The powerful Alzheimer’s Disease lobby is fighting a multi-billion-dollar battle on two fronts. It is quietly trying to limit restrictions the Food and Drug Administration puts on the use of new drugs aimed at slowing the progression of the brain disease. And it is publicly pressing Medicare to pay for the widespread use of the monoclonal antibodies FDA already has conditionally approved as well as others in the pipeline.

While the FDA approves drugs for use, it doesn’t decide who pays for them. And, for now, the Centers for Medicare and Medicaid Services (CMS) permits Medicare to pay for these medications under only limited circumstances.

Who will pay?

Unless Medicare widely covers these drugs, they will be unaffordable for the vast majority of consumers and the market will dry up. For example, the most recent anti-Alzheimer’s drug to win FDA approval is lecanemab. It is being marketed by drugmakers Biogen and Eisai as Lequembi at a planned retail price of $26,500-a-year. Private insurers are likely to follow Medicare’s lead.

As a result, powerful lobbying groups such as the Alzheimer’s Association and USAgainstAlzheimer’s, which get substantial funding from the drug industry, are aggressively pushing CMS to approve widespread Medicare payments for these costly medications.

Is CMS unreasonably limiting patient access to a drug that could improve the quality of life for millions of people with early-stage memory loss? Or is its caution a prudent decision that saves taxpayers’ and Medicare enrollees’ money and signals that these drugs are not yet ready for widespread clinical use, because both their benefits and risks remain uncertain?

A new analysis by researchers at RAND Corporation, UCLA, and Harvard University concludes Leqembi and the testing that will be necessary for those taking it, would increase Medicare drug costs by $2 billion to $5 billion annually. That could well require Medicare to boost enrollee premiums for Medicare Part B, which would pay for these drugs.

In 2021, Medicare raised its base Part B premium by 14.5 percent or about $22-a-month. A main reason, it said, was its expectation that it would have to pay for a similar drug called Aduhelm. After Medicare decided to limit coverage of that drug to only patients in trials, it announced it would roll back some of that premium increase.

For now, Medicare will pay only for enrollees who take Leqembi and similar drugs in carefully-monitored clinical trials or who participate in federal registries that will collect data on patient outcomes. By contrast, the Veterans Administration has agreed to pay for the drug for vets age 65 or older with early stage Alzheimer’s Disease.

Following FDA’s lead

CMS Administrator Chiquita Brooks-LaSure told a congressional committee in April that Medicare would cover Leqembi under whatever final guidelines FDA approves. FDA is expected to make its final decision by July.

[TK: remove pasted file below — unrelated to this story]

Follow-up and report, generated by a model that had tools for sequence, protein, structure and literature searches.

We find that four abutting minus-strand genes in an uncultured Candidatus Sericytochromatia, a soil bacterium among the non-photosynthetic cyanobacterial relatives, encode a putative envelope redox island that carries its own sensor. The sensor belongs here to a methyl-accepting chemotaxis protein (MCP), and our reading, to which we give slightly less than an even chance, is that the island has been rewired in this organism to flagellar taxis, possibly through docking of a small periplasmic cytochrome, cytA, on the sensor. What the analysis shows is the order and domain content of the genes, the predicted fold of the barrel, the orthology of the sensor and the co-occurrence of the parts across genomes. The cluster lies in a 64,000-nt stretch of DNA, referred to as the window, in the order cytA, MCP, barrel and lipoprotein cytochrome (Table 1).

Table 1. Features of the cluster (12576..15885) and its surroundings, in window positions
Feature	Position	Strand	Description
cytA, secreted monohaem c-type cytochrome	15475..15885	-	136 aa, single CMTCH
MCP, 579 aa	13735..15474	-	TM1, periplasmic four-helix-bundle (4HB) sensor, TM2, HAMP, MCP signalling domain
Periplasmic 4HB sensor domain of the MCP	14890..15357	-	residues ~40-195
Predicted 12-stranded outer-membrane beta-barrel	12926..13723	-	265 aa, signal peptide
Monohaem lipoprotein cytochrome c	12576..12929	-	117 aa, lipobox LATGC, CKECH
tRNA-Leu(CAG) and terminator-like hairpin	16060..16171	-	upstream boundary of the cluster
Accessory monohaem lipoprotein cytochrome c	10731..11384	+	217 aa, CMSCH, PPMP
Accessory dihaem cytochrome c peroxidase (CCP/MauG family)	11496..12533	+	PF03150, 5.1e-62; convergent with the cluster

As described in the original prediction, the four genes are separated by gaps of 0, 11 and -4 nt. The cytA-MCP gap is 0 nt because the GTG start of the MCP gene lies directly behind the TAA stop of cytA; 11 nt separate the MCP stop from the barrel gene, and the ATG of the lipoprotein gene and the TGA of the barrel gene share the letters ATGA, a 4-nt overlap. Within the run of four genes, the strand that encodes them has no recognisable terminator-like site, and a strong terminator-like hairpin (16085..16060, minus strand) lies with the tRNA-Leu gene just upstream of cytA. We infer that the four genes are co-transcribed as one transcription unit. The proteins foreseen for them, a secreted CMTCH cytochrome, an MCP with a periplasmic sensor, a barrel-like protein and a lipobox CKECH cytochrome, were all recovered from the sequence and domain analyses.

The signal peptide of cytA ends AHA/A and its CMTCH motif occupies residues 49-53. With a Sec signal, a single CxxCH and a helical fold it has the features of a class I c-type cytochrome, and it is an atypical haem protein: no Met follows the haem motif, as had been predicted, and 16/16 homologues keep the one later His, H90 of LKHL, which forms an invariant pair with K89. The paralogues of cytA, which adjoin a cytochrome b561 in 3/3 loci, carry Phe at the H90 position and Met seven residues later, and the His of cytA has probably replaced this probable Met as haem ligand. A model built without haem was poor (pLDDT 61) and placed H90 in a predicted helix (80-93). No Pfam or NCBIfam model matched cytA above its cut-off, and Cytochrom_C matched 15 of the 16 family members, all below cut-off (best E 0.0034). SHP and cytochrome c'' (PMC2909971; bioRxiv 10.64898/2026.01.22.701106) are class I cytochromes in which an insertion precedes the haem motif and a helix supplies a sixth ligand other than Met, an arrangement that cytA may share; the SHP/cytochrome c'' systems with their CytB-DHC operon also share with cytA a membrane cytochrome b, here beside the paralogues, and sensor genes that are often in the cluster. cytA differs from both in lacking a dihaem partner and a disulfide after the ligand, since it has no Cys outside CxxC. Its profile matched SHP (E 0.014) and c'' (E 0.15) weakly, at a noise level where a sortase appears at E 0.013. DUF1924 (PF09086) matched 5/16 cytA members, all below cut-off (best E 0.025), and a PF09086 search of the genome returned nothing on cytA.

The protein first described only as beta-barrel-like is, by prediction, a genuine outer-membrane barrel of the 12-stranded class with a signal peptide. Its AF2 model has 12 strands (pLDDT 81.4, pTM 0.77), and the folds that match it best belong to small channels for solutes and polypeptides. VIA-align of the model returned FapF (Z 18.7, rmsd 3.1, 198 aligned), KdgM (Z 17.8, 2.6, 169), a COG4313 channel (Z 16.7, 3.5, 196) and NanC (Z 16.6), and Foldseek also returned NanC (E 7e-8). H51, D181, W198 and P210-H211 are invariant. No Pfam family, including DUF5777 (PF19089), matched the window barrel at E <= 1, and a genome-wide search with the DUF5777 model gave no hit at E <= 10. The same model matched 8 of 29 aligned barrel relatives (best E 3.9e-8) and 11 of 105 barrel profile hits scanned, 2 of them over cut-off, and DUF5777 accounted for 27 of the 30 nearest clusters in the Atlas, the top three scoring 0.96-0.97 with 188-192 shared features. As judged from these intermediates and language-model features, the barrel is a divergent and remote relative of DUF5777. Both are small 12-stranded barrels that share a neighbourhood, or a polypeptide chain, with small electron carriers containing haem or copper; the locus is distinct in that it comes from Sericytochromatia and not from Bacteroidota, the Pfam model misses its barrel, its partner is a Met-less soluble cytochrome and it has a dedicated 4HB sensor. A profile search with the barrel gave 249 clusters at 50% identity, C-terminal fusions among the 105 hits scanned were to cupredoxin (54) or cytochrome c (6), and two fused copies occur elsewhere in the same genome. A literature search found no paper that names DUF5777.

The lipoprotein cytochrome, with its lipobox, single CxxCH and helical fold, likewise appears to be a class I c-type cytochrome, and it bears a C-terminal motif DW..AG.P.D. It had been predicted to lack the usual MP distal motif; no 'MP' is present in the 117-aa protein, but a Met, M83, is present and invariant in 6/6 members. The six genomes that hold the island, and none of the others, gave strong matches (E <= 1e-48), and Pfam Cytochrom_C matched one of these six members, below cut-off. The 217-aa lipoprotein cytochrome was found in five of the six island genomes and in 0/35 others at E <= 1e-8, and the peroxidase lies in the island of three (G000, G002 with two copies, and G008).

If it does give final approval to Leqembi and similar drugs, the next key question will be whether it imposes any restrictions on its recommended use. For example, will it include a warning label for patients who may be at high risk for brain bleeds? Depending on how they are written, those guidelines  could significantly shrink the market for these drugs.

FDA’s initial label specifies the drug is appropriate only for people with early-stage Alzheimer’s (not any of the many other forms of dementia and not those with later stage disease). It also requires users to undergo costly imaging tests that currently are not covered by Medicare either, another bone of contention.

The Lobbying Campaign

While these decisions should be based on science, the Alzheimer’s lobby is rolling out its political big guns. Members of Congress are demanding that Medicare pay. Advocates allege racial bias in Medicare’s reluctance to cover the drugs. Why? Because they say trials and even registries are less likely to include Black and Hispanic patients as well as those living in rural communities.

In one unusual advocacy move, drugmaker Eli Lilly, which has applied for FDA approval of its own monoclonal antibody, purchased what effectively was a two-hour infomercial presented by the online news service The Hill. It featured lawmakers, researchers, and representatives of advocacy groups all urging CMS to pay for these drugs. No researchers who questioned the drug’s safety or efficacy were interviewed.

Uncertain Benefits  

A research trial found that Leqembi can slow the progression of early-stage Alzheimer’s for a period of months. However, its long-term benefits are not yet known, its value to different population groups is unclear, and the drug appears to result in severe side effects, even death, for some patients.

An analysis by the independent Institute for Clinical and Economic Review (ICER) concluded, “Current evidence is not adequate to demonstrate a net health benefit of lecanemab when compared to supportive care alone.”

Notwithstanding these uncertainties, the Alzheimer’s Association says it is “appalled” by CMS’s reluctance to broadly cover these drugs. CMS has received nearly 10,000 public comments for and against its initial decision to limit coverage.

Publicly and privately, directly and through surrogates, the drug industry is using all its muscle to get government to approve and pay for drugs with real promise, and real risks.